Stent Manufacturing Companies In India

Stents are important Class III medical devices that are useful to clear blockages in the arteries. Typically, these blockages are called ‘lesions’ in medical terminology. A stent is a small mesh that widens the narrowed down blood vessel and improves the normal flow of blood. While coronary stent was an unregulated market in India till 2016, some restrictions regarding the price cap were implemented in 2017. Although more than 60% of the stents used in India are imported, there are a few active indigenous players which drive domestic production of stents.

Here is a list of all major Indian stent manufacturers.

1. OttoMed/Mitra

The company has 3 types of stents in its product profile.

  1. Self Expanding Metal Stents:
  2. Honto Pseudo-cyst stents:
  3. Bravo Bronchial Y-stent:

2. Translumina

3. Shahjanand Medical Technologies

Supraflex Stent Shahjanand Medical Coronary Stents
Supraflex Cruz stent manufactured by SMT Ltd.

Supraflex Cruz is the trademark coronary stent by SMT. It is a Sirolimus drug-eluting Cobalt-Chromium stent. Sirolimus is a drug used to coat the stent that prevents restenosis after balloon angioplasty. If ‘restenosis’ is too technical for you, it basically means recurrence of narrowing (or blockage) of the artery even after the stent is deployed.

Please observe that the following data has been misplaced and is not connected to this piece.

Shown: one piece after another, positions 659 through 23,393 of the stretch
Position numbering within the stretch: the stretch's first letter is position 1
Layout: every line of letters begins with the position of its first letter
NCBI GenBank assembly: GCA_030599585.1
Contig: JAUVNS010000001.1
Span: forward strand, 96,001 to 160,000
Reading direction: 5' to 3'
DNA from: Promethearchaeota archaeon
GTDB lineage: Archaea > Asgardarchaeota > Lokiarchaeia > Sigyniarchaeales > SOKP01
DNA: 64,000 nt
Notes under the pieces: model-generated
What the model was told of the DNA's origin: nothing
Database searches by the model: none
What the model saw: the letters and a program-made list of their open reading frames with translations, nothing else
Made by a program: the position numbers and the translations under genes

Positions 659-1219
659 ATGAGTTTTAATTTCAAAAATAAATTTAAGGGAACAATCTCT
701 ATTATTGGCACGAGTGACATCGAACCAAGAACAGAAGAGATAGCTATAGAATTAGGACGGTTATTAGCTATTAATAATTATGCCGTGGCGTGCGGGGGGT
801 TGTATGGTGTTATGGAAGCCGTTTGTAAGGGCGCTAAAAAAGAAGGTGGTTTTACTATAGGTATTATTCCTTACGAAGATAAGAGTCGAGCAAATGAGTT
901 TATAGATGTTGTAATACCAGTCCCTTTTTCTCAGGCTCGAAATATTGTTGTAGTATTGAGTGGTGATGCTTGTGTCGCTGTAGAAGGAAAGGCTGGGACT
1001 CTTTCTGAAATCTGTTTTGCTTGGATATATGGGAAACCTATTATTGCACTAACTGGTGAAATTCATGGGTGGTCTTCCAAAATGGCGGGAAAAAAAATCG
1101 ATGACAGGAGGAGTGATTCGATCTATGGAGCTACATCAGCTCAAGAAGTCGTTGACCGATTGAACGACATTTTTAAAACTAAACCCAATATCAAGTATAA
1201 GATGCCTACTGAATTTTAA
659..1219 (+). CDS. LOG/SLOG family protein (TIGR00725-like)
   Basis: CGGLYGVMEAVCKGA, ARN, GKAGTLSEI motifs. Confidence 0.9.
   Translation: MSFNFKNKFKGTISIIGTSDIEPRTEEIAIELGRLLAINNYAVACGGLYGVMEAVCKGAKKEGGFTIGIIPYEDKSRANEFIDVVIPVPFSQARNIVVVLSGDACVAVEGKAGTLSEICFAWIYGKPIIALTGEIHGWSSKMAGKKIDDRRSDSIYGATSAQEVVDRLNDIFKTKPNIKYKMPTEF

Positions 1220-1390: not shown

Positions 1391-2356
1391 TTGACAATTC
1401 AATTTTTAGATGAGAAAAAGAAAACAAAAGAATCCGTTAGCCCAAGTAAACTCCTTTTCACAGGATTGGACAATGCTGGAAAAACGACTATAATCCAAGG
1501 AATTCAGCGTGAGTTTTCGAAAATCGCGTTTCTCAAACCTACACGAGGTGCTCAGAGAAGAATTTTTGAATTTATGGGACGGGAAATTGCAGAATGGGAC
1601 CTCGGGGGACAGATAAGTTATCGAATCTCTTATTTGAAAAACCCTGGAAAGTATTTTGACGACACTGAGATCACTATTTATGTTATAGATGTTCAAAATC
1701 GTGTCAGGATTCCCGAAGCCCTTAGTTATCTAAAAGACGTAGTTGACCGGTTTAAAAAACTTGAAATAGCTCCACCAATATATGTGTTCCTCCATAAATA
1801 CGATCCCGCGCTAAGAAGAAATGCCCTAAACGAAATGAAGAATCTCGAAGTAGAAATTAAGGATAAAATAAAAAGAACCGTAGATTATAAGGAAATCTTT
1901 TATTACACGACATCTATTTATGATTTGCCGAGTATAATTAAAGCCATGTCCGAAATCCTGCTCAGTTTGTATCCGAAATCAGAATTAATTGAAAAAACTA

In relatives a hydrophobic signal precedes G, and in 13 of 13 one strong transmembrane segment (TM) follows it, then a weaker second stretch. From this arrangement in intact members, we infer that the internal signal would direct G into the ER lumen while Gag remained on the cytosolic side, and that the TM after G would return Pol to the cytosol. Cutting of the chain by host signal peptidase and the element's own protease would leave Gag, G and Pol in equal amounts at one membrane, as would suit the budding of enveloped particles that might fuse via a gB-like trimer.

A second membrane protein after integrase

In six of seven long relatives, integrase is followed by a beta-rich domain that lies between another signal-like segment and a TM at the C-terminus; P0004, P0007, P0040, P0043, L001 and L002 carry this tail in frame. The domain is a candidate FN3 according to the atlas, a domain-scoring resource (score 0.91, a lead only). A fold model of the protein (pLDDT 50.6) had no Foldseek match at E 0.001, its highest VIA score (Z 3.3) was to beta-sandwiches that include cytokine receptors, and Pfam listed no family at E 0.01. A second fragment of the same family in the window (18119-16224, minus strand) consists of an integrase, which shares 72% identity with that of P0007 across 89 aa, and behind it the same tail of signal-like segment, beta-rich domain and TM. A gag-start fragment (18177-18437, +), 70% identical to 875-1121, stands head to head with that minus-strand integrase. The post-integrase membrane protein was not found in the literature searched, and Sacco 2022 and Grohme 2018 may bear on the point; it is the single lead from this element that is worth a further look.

Since the Supraflex stents are made from Cobalt-chromium (60L) alloys, these stents are not as much shaped memory-driven as the Nitinol stents.

Indian Stent Market Insights

After the capping of the stent prices in India, there is not much difference between the bare-metal stents and drug-eluting stents (DES). While bare-metal stents cost nearly INR 10,000, the DES ones cost anywhere between INR 20,000-30,000. Before 2016, there used to be a huge price difference between the two types of stents.

Since Drug-eluting stents are proven to be better than bare metal ones in terms of their effectiveness and they are no longer very expensive, there is a decline in the usage of bare-metal stents in India. According to a report, there has been a decline of 30% in the use of bare-metal stents between 2017 and 2018.


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